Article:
Set in the Norfolk countryside, and now forming part of the Sandringham estate, sits Anmer Hall. Today, this 10-bedroomed, late Georgian mansion is the country home to the Duke and Duchess of Cambridge, and their children Prince George and Princess Charlotte. But for over 290 years, it was the home of a family of wealthy commoners.Many of us are fascinated not only with researching our ancestors, but also with the history of our house – and TheGenealogist's records make it simple to do both. Using William and Kate’s Norfolk home as an example, it is easy to discover its recent history. An internet search tells us that between 1972 and 1990, Anmer Hall was leased to the Duke and Duchess of Kent, and Henry van Cutsem, a businessman and friend of Prince Charles, rented it until 2000. In this year, entrepreneur James Everett took on a lease that was terminated early to allow for the r efurbishment of the property to accommodate the Cambridges. The transformation of Anmer Hall, from the home of a country squire to that of royal ownership, had originally taken place in 1898 when it was sold to the neighbouring Sandringham estate- Sandringham itself had originally been bought by Queen Victoria as a wedding gift for her son, the future Edward V11. This estate is still in the personal ownership of the Queen today.
The 1891 census had showed that by the time of Anmer Hall’s sale, Agatha’s husband died. To find out when, we can use the recently released Norfolk Parish Records on TheGenealogist and find an image from the parish registers for nearby Anmer church. The relevant record is for the burial of Henry James Coldham, who died at the age of 47; it shows that he was buried in the churchyard on 16 July 1887. By then using the Civil Registration death records on TheGenealogist, we can see that Henry and Agatha’s son and heir, James Henry Hamilton Coldham, died in Chelsea at the young age of 23. This death was registered in the first quarter of 1898 and so this perhaps explains the sale of Anmer Hall to their illustrious royal neighbour, the Queen and her family. If we now look even further back in the records on TheGenealogist for Henry Walter Coldham, the father of Henry James Coldham, we can use the Norfolk marriage records to discover his marriage to Maria Pratt by her clergyman father – this is part of the ‘Marriages for the Parish of Ryston and Roxham.’ With one click, we are able to see a high quality image of the actual page in the parish register for 6 November 1834. Henry Walter can also be found with his wife Maria and household in the 1871 census at Anmer Hall.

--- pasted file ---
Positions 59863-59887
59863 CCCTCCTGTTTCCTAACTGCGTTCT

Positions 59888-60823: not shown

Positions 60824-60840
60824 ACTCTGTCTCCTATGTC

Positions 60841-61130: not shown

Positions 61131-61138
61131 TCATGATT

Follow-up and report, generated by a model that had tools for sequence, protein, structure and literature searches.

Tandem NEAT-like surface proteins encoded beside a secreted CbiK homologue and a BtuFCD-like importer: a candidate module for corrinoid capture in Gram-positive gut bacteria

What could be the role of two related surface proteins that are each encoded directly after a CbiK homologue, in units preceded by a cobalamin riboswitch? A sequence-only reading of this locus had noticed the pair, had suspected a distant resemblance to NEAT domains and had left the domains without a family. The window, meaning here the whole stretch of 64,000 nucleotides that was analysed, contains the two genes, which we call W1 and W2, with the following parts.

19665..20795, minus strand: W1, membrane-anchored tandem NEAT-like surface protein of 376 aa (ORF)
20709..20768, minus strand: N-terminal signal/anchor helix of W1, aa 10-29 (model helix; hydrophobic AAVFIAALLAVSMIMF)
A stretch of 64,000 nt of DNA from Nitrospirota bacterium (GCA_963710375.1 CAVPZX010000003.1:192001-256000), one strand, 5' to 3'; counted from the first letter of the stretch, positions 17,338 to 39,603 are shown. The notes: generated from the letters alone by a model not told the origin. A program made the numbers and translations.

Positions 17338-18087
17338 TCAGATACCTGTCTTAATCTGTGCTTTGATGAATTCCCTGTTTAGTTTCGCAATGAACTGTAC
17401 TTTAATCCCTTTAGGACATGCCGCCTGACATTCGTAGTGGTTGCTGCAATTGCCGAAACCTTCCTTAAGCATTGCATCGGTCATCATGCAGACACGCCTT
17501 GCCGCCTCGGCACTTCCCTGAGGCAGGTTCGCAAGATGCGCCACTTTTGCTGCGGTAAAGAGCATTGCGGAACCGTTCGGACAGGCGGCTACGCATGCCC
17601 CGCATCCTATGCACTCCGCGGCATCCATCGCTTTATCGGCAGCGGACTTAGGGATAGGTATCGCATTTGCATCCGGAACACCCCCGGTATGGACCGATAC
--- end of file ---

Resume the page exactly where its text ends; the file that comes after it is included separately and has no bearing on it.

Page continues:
A particularly useful set of records for finding out about where our ancestors lived are the ‘Tithe Maps and Apportionment’ records that have been digitised by TheGenealogist. These can reveal the owners the owners and occupiers of plots of land in this period, and cover different levels of society. By examining the maps and schedules from these land surveys undertaken between 1837 and the early 1850s, we are able to see that Henry Walter Coldham not only owned and occupied his own land in the parish, but he also leased certain other plots from the rector of the parish. The schedule document reveals that they shared the same surname – and so we are alerted to the possibility of them being part of the same family. A search of other sources indicates that Henry and John were brothers, the sons of James and Elizabeth Coldham. The church of St Mary’s Anmer, where John was rector, is clearly marked on the tithe map. Its location is within yards of Anmer Hall, which can be found just to the south-east of the church. As the number of plots on the tithe map testifies. Henry Coldham was a substantial landowner in the parish.
Turning to the 1852 Clergy List, which can be found within ‘Occupational Records’ on TheGenealogist, we find that the Reverend J Coldham was appointed to the living in 1816 – and his patron was none other than his brother, H Coldham Esq. A further record, also returned in the search, is the ‘Index Ecclesiasticus 1800-1840.’ Rather confusingly, this reveals that John Coldham was appointed rector of Anmer in October 1815; then vicar of Snettisham in November the same year. He then became rector of Stockton in April 1816 and then rector of Anmer again in June 1816. From the detail provided in the parish registers of Snettisham, it seems that John held more than one appointment at a time. The parish registers record the reverend’s death; the image of the original page shows that he died, aged 87, whilst living at Snettisham Vicarage, having been the vicar of the parish for 63 years. This was a period of time that included him leasing the parish glebe land to his brother, Henry. In the next census after its royal purchase, Anmer Hall is recorded as having just two occupants. In the 1901 census, there is an ‘Ordinary Agricultural Labourer’ listed as head of the household and his wife is the second resident, recorded as being Anmer Hall’s caretaker. However, by the time of the 1911 census, Anmer Hall was now occupied by the household of Rear-Admiral Sir Frederick Tower Hamilton had been a torpedo specialist and, at one time, Aide-de-Camp to the King, between 1096 and 1907. With the outbreak of World War 1, he was the second Sea Lord and Chief of Naval Staff, and in 1916, he was promoted to Admiral.